Three former executives of G4S Care and Justice Services have been charged with defrauding the Ministry of Justice.
Richard Morris, former managing director of the company, and two ex-directors of its electronic monitoring business – former commercial director Mark Preston and former finance manager James Jardine – are each charged with seven counts of fraud.
They appeared at Westminster Magistrates’ Court on Tuesday accused of committing the offences in relation to false representations made to the MoJ between 2009 and 2012, the Serious Fraud Office (SFO) said.
Morris, 45, from High Wycombe; Preston, 49, from Cheshire and Jardine, 38, from Temple Sowerby, are due to appear at Southwark Crown Court on October 6.
Ross Dixon, from Hickman and Rose solicitors, who is representing Morris, said: “Mr Morris refutes these allegations in the strongest possible terms.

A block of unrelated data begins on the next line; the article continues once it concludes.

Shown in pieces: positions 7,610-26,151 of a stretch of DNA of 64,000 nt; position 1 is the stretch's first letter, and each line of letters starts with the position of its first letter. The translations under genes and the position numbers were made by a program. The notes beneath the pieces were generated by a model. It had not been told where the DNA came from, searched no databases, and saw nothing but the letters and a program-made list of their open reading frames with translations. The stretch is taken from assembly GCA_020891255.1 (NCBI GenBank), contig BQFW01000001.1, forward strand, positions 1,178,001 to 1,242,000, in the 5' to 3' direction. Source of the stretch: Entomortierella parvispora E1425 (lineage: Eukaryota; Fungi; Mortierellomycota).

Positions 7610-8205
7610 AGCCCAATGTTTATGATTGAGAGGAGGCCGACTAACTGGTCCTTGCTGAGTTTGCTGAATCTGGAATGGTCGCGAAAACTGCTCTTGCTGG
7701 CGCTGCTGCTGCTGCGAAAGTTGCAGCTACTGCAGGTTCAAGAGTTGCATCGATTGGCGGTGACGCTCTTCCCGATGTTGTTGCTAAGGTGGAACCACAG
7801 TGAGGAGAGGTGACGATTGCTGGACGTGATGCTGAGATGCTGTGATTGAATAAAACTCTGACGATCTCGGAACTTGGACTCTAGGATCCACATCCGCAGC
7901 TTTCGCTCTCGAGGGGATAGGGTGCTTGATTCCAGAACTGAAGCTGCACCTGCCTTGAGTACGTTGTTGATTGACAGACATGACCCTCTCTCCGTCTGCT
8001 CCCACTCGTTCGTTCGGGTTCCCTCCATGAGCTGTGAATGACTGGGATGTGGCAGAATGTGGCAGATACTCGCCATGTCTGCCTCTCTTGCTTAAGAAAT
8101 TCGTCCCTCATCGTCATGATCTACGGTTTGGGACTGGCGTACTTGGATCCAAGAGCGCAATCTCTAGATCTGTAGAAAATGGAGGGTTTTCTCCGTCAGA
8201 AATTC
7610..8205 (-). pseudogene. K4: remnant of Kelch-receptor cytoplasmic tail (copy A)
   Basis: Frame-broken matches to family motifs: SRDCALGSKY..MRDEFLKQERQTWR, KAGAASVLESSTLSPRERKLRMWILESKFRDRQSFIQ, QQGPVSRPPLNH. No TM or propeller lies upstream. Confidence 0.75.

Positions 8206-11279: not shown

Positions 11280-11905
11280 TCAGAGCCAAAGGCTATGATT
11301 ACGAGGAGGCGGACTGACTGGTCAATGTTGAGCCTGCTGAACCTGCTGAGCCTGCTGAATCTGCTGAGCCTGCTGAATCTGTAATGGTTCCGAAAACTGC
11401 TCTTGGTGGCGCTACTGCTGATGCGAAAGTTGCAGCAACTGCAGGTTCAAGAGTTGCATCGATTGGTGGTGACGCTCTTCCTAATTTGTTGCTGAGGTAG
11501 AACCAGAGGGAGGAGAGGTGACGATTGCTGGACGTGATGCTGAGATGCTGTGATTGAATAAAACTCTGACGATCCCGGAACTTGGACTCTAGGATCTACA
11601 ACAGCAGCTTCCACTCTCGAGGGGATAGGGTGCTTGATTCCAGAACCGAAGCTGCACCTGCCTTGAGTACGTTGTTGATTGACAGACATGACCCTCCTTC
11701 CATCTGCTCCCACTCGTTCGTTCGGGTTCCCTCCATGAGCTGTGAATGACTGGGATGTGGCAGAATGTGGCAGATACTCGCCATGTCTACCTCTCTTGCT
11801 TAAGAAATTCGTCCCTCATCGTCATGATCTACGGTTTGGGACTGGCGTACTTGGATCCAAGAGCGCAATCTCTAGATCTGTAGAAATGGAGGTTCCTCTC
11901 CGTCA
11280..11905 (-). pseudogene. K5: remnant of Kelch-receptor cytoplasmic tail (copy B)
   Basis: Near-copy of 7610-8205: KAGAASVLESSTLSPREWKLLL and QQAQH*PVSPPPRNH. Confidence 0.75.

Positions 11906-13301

“He will robustly contest the charges and is confident he will be cleared of any wrongdoing.”
G4S Care and Justice provided electronic monitoring services to the government from 2005 to 2013.
The company, a subsidiary of G4S, was accused of misleading the MoJ over the extent of its profits from the tagging contract between 2011 and 2012.
In July this year it was announced that the firm accepted responsibility for three counts of fraud and agreed to pay a financial penalty of £38.5 million and the SFO’s full costs of £5.9 million.
The agreement between the company and the SFO meant that G4S could continue to be considered as a government supplier.
The agreement applied only to the potential criminal liability of G4S Care and Justice Services as a company, and not whether any liability attaches to any employees or former employees.